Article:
In my upcoming book, Thriving in Change (working title), one of the things I discuss are the many stages of change. In today’s blog, I want to give you an exclusive sneak peek at an excerpt from the book which deals with the first stage of change, which can often be the hardest one: letting go.
THE LETTING GO STAGE
The first step of change can sometimes be the most painful. In order to move through the change process, you will have to let go of something. Something must come to an end. This could be the end of a relationship, the end of a job, the end of security, or the end of an unfulfilled dream. We must at some point let go of the past to be able to accept and prepare for change.
It is hard on our human nature to let go of what is familiar, even when the old might not be serving us well. In fact, during the letting go process, we usually go through a very real grieving process. The more attached we are to the old, the more we will grieve.
Most grief professionals agree that the grieving process consists of five stages, first introduced by Swiss psychiatrist Elisabeth Kübler-Ross:
1) Denial –believing that this is “just a dream” or “just a phase”. It’s really not happening. Take for example a particularly ominous diagnosis. Our first response may very well be to believe that the doctor is surely mistaken. “That can’t be right,” we might say. “There must be a mistake.” Then we cling to a false reality. “There was an error with the tests. They’ll realize they’ve misdiagnosed.”
2) Anger – feeling intensely about how “unfair” the situation is. We may even experience anger toward other people, believing it’s their fault. We might ask ourselves such questions as, “Why is this happening to me?” Say for example your workplace is laying off employees due to budget cuts. You’re among those who’ve lost a job. You’re outraged. You don’t believe you should’ve been pinpointed. You feel victimized.
3) Bargaining – believing that we can negotiate our way back to how things used to be. I’m sure you’ve seen plenty of TV shows or movies where a main character will receive upsetting news either about themselves or a loved one, will find themselves in a hospital chapel, and will begin praying to the powers that be that they or their loved one be spared. In exchange, they will reform their life if that’s what it takes. This is bargaining.
4) Sadness – feeling lost, alone, or vulnerable. Sometimes this can deepen into depression and can require professional help. At this point, there may be a sense of hopelessness. Think of the grieving spouse of a terminally ill patient. Often times, they admit to a point when they didn’t believe they could go on with their lives after the death of their loved one. They didn’t see a point to life due to their deep despair.
5) Acceptance – realizing that things will not go back to the way they were. Instead, you embrace the inevitable future. You realize that everything is going to be okay. That you can get through this. You are now ready to move forward.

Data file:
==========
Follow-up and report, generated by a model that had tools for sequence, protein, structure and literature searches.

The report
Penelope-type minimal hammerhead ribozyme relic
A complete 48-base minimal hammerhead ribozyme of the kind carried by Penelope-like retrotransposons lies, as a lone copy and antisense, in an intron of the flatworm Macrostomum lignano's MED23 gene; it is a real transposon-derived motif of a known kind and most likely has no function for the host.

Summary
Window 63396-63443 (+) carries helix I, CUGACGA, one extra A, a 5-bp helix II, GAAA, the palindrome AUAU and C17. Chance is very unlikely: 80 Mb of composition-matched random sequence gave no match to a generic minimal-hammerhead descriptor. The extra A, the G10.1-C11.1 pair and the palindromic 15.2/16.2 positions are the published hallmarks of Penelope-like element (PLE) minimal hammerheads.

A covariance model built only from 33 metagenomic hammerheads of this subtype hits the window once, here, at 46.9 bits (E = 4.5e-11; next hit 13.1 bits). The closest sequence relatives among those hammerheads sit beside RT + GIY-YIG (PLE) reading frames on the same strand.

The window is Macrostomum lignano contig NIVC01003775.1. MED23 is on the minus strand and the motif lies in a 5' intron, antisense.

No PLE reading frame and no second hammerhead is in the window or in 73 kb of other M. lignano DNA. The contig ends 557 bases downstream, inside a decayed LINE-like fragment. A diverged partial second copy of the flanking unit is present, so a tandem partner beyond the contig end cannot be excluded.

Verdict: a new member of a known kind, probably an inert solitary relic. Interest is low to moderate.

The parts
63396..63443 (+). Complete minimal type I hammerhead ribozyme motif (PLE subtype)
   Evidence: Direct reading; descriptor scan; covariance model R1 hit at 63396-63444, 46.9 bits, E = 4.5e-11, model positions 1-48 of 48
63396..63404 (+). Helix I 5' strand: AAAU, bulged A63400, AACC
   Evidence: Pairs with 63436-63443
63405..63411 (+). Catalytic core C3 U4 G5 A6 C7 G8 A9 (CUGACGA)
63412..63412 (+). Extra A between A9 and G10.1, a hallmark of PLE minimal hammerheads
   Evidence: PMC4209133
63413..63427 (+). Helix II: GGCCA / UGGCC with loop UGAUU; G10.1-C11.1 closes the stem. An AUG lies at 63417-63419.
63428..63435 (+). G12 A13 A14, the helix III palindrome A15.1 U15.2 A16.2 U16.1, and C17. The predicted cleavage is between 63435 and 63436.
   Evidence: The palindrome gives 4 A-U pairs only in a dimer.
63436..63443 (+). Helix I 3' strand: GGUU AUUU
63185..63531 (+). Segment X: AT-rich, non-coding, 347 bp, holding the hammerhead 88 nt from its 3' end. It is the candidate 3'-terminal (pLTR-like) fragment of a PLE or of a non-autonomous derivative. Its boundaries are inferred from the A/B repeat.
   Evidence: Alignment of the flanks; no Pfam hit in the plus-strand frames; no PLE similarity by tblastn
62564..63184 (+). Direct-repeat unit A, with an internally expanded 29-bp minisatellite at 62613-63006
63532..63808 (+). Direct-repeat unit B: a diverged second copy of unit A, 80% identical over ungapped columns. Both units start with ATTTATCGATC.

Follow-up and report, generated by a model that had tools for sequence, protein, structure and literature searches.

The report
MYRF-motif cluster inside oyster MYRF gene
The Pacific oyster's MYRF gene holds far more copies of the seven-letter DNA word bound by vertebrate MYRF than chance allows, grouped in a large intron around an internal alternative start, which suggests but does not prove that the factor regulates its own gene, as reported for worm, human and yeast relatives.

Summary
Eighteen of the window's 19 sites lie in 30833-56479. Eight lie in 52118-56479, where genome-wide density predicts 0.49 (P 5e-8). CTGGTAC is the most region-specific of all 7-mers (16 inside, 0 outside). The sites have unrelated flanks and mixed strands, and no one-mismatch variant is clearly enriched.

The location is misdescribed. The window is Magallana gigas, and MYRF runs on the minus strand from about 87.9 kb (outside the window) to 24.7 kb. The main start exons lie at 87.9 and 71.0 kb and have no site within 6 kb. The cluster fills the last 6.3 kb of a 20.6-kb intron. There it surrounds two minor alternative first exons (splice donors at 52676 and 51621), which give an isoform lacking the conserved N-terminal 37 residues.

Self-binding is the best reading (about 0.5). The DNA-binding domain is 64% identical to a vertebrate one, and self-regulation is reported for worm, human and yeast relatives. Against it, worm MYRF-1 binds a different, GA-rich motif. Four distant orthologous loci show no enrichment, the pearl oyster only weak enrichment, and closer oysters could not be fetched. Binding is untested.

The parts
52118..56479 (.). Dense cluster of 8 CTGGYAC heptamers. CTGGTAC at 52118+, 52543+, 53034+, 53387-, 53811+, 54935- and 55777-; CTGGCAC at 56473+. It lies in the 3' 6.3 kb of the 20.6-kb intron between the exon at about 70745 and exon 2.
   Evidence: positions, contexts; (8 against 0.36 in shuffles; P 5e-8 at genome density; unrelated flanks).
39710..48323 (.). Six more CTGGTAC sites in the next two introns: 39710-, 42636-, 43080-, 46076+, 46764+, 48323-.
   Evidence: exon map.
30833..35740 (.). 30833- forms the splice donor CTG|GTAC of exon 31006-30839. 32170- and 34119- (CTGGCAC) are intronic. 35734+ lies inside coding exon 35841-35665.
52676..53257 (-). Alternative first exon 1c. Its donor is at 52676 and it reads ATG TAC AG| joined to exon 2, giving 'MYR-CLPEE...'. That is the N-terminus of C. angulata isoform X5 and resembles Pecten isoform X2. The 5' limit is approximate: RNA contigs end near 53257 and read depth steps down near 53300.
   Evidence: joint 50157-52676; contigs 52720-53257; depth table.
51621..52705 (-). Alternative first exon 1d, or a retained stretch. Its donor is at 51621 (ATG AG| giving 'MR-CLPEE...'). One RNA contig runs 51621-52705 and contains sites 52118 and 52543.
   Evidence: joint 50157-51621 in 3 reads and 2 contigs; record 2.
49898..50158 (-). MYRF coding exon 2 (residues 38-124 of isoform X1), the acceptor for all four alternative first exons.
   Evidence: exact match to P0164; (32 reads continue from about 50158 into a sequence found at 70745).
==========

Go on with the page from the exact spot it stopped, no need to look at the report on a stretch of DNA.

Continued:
The order of the stages may shift, and you may vacillate from one to the other and back (from anger to sadness and back to anger). The important lesson for you to take away is the understanding that these feelings are normal and even necessary to complete the grieving process.
If you find yourself stuck in the grieving process at any step of the way, engage the services of a professional counselor or coach to give you guidance.
At times, we may erroneously assume that grief is something that should only be associated with a death. The death of a loved one is of course one of the most impactful changes we have to navigate in this world, but there are other losses that may result in grief.
The loss of a relationship, for instance, can have this effect. It forces us to let go of a person who was such a big part of our lives. We have to deal with the void that’s left in their absence. The loss of a home is another big one. Whether due to a planned relocation or an unplanned foreclosure, we have to deal with the grief that visits us when the time comes to say goodbye to a home where we most likely made many happy memories, a home that provided us with shelter and safekeeping.
Even the death of a dream can precede a grieving process. Sometimes, we have to shelve long-held dreams because they no longer align with our life goals, or because our priorities have shifted, or because it no longer makes sense for us to pursue those dreams. It can be hard to let go of something you’ve spent days, weeks, months, and maybe even years visualizing. It’s quite akin to letting go of a part of yourself.
No matter how big or small the change in your life, grief may very well be a familiar visitor from the onset. Recognising the grieving process can help you heal more quickly and effectively while adequately preparing you for the next stage of change.